Newport Jazz Festival: Newport, RI, August 4-5, 2012
James Carter's organ trio is always a blast, and adding Rodney Jones on guitar enhanced it further. It's tinged with blues, and the sax blended well with Jones' rich guitar sound. Gerard Gibbs is an underrated organist who burns and has the necessary skills to keep up with the bravado of Carter's muscular appoach.
Zenón comes up with projects that are off the beaten path. Lately, the altoist has been teaming up with pianist Laurent Coq, writing music based on a novel by Julio Cortázar called Rayuela (1963), and Zenón has recently released an album of the same name on Marsalis Music. The music from that albumbrought to life by Dana Leong on cello and trombone, pianist Coq (who helped write the music) and Dan Weiss on his unique drum/tabla setupfeatured strong melody and enough space for strong solos by one of today's finest saxophonists. Leong is a pleasure, too, capable of just about anything, hot or mellow.
A sheer delight was the 3 Cohens. The siblings tore up the stage, playing original music and a couple standards. The fun they had on stage transferred to the audience. But don't think the music was diluted. These musiciansAvishai on trumpet, Anat on tenor sax and clarinet, and Yuval on sopranoplayed with great intensity. Yuval's "Blues For Dandi's Orange Bull Chasing An Orange Sack" started the show and set the tonea burning opportunity for each to demonstrate some chops, supported fantastically by Reuben Rogers on bass, Rudy Royston on drums and Aaron Goldberg on piano. They were as hot as the summer weather. "Shufla De Shufla" grooved like made and a great vehicle for the siblings' solos, closing a super set and leaving 'em wanting more.
Big bands were there, including two of the finest in Darcy James Argue's Secret Society and the Maria Schneider Orchestra. They used some of the same players over the weekend, as the do at New York City appearances, but both composer/arranger/leader had his/her own way. They both built great tapestries for examination. Layers and textures were expertly tied together.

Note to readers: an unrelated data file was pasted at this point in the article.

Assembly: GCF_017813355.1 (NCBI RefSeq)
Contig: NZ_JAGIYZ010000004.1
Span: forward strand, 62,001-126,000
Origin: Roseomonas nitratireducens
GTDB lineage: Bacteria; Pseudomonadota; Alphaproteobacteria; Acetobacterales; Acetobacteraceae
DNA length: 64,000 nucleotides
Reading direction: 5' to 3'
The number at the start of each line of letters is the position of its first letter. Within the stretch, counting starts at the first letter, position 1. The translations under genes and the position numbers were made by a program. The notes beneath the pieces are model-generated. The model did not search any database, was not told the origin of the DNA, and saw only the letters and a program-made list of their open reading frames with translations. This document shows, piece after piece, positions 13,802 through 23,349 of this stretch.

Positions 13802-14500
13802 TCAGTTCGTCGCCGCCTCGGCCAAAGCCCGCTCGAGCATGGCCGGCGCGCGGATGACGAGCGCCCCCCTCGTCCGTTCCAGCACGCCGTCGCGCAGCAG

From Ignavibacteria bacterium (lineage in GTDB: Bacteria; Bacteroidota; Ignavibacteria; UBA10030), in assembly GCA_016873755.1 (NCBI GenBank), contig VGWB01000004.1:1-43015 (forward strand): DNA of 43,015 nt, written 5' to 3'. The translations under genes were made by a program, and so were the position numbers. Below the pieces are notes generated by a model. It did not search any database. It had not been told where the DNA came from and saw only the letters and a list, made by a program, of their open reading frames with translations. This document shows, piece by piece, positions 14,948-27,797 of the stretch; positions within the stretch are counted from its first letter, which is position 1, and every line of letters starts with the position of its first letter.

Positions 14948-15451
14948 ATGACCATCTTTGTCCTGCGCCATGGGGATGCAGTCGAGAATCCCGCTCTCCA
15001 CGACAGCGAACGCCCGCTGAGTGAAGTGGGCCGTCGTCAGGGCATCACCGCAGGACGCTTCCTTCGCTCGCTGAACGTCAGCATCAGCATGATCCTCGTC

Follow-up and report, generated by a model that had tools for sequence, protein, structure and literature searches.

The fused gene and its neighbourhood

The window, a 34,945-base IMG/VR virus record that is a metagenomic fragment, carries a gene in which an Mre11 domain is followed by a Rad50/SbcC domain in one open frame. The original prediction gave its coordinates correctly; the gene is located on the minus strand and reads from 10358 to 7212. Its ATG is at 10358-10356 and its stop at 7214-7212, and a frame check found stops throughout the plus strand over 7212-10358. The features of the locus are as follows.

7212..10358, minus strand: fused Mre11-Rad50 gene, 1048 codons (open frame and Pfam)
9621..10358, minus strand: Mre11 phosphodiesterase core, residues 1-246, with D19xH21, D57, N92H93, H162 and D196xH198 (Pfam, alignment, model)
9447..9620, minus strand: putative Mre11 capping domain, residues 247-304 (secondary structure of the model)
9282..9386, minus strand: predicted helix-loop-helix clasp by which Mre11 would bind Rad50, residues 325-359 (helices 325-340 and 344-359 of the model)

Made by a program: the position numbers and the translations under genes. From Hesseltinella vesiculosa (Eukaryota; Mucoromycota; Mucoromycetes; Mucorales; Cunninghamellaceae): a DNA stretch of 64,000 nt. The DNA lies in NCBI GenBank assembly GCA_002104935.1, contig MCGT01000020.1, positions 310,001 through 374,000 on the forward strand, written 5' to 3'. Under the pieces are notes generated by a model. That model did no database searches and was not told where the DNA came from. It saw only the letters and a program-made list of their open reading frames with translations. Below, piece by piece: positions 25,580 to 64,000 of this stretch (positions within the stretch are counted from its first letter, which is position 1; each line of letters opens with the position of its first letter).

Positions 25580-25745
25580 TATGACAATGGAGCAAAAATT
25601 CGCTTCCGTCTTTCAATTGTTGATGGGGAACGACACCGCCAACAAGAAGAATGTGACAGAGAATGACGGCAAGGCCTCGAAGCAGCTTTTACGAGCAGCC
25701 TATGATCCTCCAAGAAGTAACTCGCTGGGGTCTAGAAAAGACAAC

Argue's band covered things from the sublime to raucous and funky. Stately and dramatic to swinging. Selections from his Brooklyn Babylon CD, inspired by a movie and yet to be released, were outstanding, and it was easy to imagine them fitting into a cinema setting.
Schneider's organization performed some of her well-known themes like "Evanesque," which featured a scorching trombone solo by Marshall Gilkes, who is becoming a major player on his instrument. His sound and agility were remarkable. The understated but fantastic saxophonist Steve Wilson wailed on "Night Watchman," as did Ingrid Jensen who never disappoints on trumpet.
"Hang Gliding" was another fine Schneider staple on her compositional menu and Donny McCaslin's bristling tenor sax helped elevate it.
Kurt Elling's band performed its typical compelling show. With his great collaborator, Laurence Hobgood, on piano and, on this gig, the superb Kendrick Scott on drums, the music took off from the start with "Fly Me to the Moon" done in a unique, twisting turning style that was captivating. "Dedicated to You," from Elling's John Coltrane/Johnny Hartman CD, Dedicated to You (Concord, 2009), was a ballad that, in the singer's indomitable fashion, took a different route. Notes were bended, phrases extended, shifted. Stevie Wonder's "Golden Lady" included a scat segment with his considerable vocal acrobatics playing off the sounds from guitarist John McLean, then cascaded nicely into the main melody as only this band can do it.
Wildly creative music that took winding turns, changed moods and overall pushed an edge were turned in by Jason Moran's Bandwagon and the Sound Prints band from Joe Lovano and Dave Douglas. In the latter band, the two horns have such creative minds and so much technique it can be too much for some listeners. But the Newport audience stayed in step. Lovano played with tremendous heart and passion. Douglas' lines were serpentine and impassioned as well, as he seemed to be drawn into telling a forceful story each time. Joey Baron's thundering drums were perfect for this group.
Moran, with Tarus Mateen on bass and Nasheet Waits on drums, played like a history of jazz. There were honky tonk moments, old trad swing moments, and definitely things that got into the free jazz state. He played tumultuously at times, and light at others. "Body and Soul" took on a completely different flavor. "Kinda Dukish," at times, seemed kinda Monkish. It's always interesting to see what turns this band will take in any given set.